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Child custody cases can be notoriously complicated. Parental tension, visitation schedules, and a complex legal process are common in Illinois custody matters. Because of these complexities, child custody cases can be confusing for everyone involved. You are sure to have questions about what will happen next, and your legal options. Even the basic questions can quickly become complicated, so it is important to call an experienced DuPage child custody lawyer.
What Is Legal Custody?
Legal custody is essentially a parent’s authority to make important decisions for his or her child. These decisions do not involve daily choices, such as dinner options, but rather major choices regarding the child’s well being. Often, such decisions include education, healthcare, and religion.
What Is Physical Custody?
When a parent has physical custody, he or she is the parent who primarily resides with the child. Unlike legal custody, physical custody entails the daily care of the child. This parent is generally referred to as the “custodial parent.” Usually, the other parent is allowed visitation with the child. Parents can agree to a visitation schedule. If they cannot agree, a judge will order a specified schedule based on the child’s best interests according to Illinois law.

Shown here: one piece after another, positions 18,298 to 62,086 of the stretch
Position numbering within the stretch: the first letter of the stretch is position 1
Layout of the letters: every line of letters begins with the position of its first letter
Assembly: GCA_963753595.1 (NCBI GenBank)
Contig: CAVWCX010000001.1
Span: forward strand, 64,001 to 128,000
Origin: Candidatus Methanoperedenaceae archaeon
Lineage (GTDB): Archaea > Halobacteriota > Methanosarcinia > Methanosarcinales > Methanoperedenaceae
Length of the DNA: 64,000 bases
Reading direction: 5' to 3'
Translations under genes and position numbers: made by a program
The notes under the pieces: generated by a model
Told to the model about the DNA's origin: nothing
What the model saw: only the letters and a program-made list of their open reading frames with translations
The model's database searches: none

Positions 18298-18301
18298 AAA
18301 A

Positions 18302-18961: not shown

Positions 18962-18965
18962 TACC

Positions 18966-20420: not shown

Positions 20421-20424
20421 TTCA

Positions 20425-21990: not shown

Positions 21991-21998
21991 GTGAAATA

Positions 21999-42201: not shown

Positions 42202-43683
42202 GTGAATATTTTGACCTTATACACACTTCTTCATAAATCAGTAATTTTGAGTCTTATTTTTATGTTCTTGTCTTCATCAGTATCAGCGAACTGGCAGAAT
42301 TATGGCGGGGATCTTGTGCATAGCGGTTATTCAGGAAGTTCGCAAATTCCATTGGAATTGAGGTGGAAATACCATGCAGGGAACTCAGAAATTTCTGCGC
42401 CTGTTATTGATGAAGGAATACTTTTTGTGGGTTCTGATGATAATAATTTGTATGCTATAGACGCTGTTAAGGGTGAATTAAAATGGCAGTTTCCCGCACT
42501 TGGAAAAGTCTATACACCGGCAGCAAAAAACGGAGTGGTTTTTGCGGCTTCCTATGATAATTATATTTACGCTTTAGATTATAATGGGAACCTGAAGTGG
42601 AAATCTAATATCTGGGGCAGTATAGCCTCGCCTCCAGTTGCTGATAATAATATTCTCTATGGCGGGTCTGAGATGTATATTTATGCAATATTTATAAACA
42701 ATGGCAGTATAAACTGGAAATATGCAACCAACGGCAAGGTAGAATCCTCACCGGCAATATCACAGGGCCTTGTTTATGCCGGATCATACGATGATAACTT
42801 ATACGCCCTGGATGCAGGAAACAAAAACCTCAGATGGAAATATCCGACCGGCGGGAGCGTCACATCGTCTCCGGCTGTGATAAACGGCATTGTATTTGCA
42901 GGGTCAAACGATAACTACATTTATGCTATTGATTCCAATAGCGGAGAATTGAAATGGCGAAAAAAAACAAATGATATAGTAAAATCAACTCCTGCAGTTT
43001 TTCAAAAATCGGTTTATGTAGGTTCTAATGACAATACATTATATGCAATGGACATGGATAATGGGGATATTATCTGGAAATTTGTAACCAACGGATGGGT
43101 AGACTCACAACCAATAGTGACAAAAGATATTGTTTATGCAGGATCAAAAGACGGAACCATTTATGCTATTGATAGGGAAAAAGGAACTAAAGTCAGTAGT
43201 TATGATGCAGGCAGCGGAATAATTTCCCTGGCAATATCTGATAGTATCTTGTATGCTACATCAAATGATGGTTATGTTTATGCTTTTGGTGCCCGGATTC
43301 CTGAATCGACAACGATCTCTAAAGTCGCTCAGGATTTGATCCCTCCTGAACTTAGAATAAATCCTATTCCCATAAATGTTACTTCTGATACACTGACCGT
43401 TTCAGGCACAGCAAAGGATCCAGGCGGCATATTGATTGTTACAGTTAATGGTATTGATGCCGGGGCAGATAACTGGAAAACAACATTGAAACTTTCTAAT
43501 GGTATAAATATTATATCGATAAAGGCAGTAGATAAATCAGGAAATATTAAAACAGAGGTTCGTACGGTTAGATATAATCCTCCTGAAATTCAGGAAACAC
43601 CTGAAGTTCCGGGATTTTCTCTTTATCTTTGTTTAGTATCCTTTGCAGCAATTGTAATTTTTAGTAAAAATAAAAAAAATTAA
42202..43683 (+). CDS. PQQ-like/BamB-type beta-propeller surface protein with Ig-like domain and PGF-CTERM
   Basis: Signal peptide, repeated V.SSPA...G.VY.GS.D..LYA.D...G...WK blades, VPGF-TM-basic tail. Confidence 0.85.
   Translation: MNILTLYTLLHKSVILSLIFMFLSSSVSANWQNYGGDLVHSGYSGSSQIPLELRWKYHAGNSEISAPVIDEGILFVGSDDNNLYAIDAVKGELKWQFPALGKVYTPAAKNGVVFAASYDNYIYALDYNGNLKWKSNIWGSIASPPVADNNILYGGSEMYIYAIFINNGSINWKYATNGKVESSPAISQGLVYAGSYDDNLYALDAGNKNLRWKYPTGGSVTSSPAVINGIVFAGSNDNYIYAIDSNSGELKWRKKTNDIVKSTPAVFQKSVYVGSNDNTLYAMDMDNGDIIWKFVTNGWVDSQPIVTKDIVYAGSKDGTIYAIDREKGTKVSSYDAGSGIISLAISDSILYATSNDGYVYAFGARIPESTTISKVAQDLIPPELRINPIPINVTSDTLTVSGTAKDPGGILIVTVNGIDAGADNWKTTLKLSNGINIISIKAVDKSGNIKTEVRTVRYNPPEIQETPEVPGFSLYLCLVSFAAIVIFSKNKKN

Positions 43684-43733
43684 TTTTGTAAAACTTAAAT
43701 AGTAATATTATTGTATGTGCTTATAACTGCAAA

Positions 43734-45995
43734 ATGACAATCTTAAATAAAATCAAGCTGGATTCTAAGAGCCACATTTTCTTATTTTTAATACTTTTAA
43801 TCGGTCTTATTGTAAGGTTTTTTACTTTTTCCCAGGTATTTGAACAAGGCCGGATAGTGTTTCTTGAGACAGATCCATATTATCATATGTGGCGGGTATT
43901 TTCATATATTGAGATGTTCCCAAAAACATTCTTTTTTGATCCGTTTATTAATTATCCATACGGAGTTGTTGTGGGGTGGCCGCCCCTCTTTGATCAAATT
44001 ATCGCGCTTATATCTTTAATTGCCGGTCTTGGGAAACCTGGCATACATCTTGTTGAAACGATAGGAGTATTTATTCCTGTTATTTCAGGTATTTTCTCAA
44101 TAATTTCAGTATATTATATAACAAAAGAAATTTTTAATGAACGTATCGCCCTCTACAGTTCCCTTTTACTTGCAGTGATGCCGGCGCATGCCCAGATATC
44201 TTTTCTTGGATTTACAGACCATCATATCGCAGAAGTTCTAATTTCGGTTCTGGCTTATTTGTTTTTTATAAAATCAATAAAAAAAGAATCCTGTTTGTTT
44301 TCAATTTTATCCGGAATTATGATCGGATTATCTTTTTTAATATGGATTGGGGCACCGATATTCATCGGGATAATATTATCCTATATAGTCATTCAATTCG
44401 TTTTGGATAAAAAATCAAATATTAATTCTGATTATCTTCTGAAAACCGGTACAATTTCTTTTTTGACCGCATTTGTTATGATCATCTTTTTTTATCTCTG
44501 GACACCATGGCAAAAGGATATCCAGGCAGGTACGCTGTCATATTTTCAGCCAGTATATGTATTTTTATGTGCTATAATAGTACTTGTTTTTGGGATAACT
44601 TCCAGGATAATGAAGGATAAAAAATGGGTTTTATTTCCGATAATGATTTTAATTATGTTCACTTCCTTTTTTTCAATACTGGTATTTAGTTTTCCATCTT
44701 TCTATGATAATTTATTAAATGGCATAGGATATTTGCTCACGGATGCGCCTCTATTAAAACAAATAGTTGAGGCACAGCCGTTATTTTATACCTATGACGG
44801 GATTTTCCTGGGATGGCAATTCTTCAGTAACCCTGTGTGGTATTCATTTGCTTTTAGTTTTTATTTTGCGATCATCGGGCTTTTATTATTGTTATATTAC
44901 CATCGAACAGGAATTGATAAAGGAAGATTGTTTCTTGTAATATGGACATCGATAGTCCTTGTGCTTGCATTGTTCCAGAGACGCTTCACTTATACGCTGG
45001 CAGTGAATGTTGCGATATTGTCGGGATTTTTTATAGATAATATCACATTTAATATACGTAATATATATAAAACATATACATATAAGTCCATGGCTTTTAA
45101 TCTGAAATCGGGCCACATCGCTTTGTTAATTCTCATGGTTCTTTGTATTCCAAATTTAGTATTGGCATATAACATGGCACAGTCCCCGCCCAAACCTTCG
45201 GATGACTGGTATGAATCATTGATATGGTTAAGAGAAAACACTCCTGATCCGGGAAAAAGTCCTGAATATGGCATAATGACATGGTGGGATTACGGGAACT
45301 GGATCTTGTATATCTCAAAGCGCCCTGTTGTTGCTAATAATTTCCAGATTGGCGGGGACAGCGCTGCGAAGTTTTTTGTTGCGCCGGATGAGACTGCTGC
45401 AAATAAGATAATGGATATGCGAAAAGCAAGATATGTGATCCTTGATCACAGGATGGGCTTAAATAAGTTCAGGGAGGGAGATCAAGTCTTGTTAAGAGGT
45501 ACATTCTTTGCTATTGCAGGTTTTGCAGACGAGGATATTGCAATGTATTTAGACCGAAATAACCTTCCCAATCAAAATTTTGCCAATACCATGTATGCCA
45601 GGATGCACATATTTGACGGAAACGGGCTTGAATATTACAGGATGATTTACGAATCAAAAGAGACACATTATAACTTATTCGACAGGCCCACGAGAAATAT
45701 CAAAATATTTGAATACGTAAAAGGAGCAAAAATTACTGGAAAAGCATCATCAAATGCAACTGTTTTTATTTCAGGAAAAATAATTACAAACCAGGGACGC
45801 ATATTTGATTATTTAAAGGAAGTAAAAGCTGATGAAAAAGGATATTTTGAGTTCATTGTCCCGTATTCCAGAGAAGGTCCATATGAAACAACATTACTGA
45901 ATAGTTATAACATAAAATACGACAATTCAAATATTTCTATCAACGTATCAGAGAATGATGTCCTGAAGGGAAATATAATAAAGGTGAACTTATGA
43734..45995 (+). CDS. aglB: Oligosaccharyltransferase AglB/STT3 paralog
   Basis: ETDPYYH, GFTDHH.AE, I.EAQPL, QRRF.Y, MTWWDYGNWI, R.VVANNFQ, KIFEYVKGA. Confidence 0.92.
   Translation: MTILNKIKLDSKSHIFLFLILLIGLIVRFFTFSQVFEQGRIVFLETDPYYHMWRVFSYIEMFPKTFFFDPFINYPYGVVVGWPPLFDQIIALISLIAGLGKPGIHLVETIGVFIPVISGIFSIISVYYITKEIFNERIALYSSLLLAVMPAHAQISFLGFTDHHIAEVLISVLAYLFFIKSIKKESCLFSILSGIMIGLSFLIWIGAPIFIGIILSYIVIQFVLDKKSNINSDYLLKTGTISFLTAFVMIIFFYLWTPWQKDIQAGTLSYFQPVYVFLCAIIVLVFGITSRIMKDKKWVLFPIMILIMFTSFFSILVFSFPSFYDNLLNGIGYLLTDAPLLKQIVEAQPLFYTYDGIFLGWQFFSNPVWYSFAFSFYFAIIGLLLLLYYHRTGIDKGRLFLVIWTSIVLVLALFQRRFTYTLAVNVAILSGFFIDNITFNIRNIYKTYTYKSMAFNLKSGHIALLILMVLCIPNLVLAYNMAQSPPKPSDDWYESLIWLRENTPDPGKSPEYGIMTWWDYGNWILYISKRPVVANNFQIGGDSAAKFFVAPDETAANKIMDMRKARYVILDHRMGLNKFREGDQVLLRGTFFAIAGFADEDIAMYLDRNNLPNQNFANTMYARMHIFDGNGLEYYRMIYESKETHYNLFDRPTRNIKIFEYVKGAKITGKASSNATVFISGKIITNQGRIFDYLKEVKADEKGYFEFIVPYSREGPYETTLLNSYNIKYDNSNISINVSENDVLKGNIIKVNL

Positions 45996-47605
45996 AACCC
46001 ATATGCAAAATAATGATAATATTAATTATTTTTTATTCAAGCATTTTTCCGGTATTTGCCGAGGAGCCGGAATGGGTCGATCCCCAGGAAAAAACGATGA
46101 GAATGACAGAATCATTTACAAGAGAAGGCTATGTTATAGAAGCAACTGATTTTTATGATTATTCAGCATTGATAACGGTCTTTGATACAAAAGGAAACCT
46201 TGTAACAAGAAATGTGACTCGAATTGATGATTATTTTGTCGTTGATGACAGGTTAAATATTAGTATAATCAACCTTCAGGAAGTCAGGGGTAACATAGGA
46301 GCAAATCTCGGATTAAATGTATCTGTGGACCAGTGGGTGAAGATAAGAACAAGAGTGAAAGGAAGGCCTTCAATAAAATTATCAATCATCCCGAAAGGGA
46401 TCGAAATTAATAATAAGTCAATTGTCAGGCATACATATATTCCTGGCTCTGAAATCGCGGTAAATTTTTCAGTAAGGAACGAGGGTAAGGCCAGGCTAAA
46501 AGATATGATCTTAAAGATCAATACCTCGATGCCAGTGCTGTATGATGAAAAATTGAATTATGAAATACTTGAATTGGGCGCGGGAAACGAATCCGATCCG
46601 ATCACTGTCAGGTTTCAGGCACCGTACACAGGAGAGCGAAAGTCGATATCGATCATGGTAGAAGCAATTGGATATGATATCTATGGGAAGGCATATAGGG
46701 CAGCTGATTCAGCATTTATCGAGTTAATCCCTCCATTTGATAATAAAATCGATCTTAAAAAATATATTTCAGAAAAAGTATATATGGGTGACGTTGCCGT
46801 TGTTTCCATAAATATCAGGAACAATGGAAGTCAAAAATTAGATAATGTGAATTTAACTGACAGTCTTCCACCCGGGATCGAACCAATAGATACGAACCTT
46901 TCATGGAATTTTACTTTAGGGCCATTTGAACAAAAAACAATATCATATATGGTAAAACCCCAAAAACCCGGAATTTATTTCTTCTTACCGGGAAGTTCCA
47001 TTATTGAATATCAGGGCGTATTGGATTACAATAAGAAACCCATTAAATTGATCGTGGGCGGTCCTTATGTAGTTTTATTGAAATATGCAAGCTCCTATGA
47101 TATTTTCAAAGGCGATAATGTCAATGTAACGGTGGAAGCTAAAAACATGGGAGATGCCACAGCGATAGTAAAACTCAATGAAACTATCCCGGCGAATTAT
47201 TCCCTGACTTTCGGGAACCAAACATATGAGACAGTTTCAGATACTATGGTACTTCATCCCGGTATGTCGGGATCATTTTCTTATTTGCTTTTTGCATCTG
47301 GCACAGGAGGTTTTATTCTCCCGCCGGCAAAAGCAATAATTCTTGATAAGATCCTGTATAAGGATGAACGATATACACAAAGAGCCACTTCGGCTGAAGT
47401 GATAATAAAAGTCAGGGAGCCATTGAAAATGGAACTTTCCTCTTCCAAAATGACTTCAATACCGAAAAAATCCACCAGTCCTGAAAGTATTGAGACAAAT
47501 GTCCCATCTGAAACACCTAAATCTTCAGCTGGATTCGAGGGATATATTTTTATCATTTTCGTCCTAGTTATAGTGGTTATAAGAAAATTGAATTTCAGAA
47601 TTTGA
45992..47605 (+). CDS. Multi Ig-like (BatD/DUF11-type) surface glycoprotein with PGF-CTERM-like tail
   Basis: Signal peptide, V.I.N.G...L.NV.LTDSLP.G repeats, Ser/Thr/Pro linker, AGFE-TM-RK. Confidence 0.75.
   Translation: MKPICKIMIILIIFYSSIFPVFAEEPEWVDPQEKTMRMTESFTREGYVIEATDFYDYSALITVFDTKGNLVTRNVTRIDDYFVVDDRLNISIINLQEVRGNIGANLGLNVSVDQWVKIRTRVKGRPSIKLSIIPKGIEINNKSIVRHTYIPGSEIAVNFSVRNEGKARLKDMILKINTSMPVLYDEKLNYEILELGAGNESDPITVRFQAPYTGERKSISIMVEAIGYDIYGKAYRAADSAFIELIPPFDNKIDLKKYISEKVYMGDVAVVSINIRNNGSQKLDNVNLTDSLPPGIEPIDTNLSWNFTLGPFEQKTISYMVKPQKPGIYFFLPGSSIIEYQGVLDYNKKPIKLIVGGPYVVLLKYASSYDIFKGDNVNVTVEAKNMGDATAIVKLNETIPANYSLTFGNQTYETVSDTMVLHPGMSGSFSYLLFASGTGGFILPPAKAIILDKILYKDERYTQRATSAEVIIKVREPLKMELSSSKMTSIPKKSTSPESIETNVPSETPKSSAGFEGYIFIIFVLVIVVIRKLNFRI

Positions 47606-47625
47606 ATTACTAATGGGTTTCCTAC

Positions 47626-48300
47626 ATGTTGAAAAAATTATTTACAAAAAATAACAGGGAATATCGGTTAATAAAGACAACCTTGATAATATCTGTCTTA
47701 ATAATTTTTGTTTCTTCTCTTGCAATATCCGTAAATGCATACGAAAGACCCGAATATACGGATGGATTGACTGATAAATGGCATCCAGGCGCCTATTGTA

How Can Custody Be Shared?
Parents sharing custody is the most common outcome of a child custody dispute. In most cases, a shared custody arrangement is best for the child involved. Though the term “shared custody” may indicate otherwise, such a parenting arrangement does not necessarily mean that parents equally share time with their child. In some cases, both parents may equally split both physical and legal custody. In other situations, one parent may have primary physical custody while the other parent enjoys visitation. Legal custody may also be split between the parents in a variety of ways.
The exact custody situation in your case will depend on your specific circumstances. It may also depend on whether your case is settled through an out-of-court settlement, which allows both parties more creativity, or by a judge. Under certain circumstances, one parent will be awarded sole custody. Sole custody may be appropriate if one parent is incarcerated, absent, incapacitated or abusive.
Consult with Experienced DuPage County Custody LawyersAt the Law Office of Martoccio & Martoccio, our family law attorneys have extensive experience helping clients through tough custody disputes. No matter how complex your case is, we can help you sort through your legal options and decide what is best for you and your child. We give each client practical advice tailored to their unique situation, and we can help ensure that you achieve a custody agreement that is in line with your best interests. Contact us today to schedule a free initial consultation with one of our experienced DuPage County custody lawyers.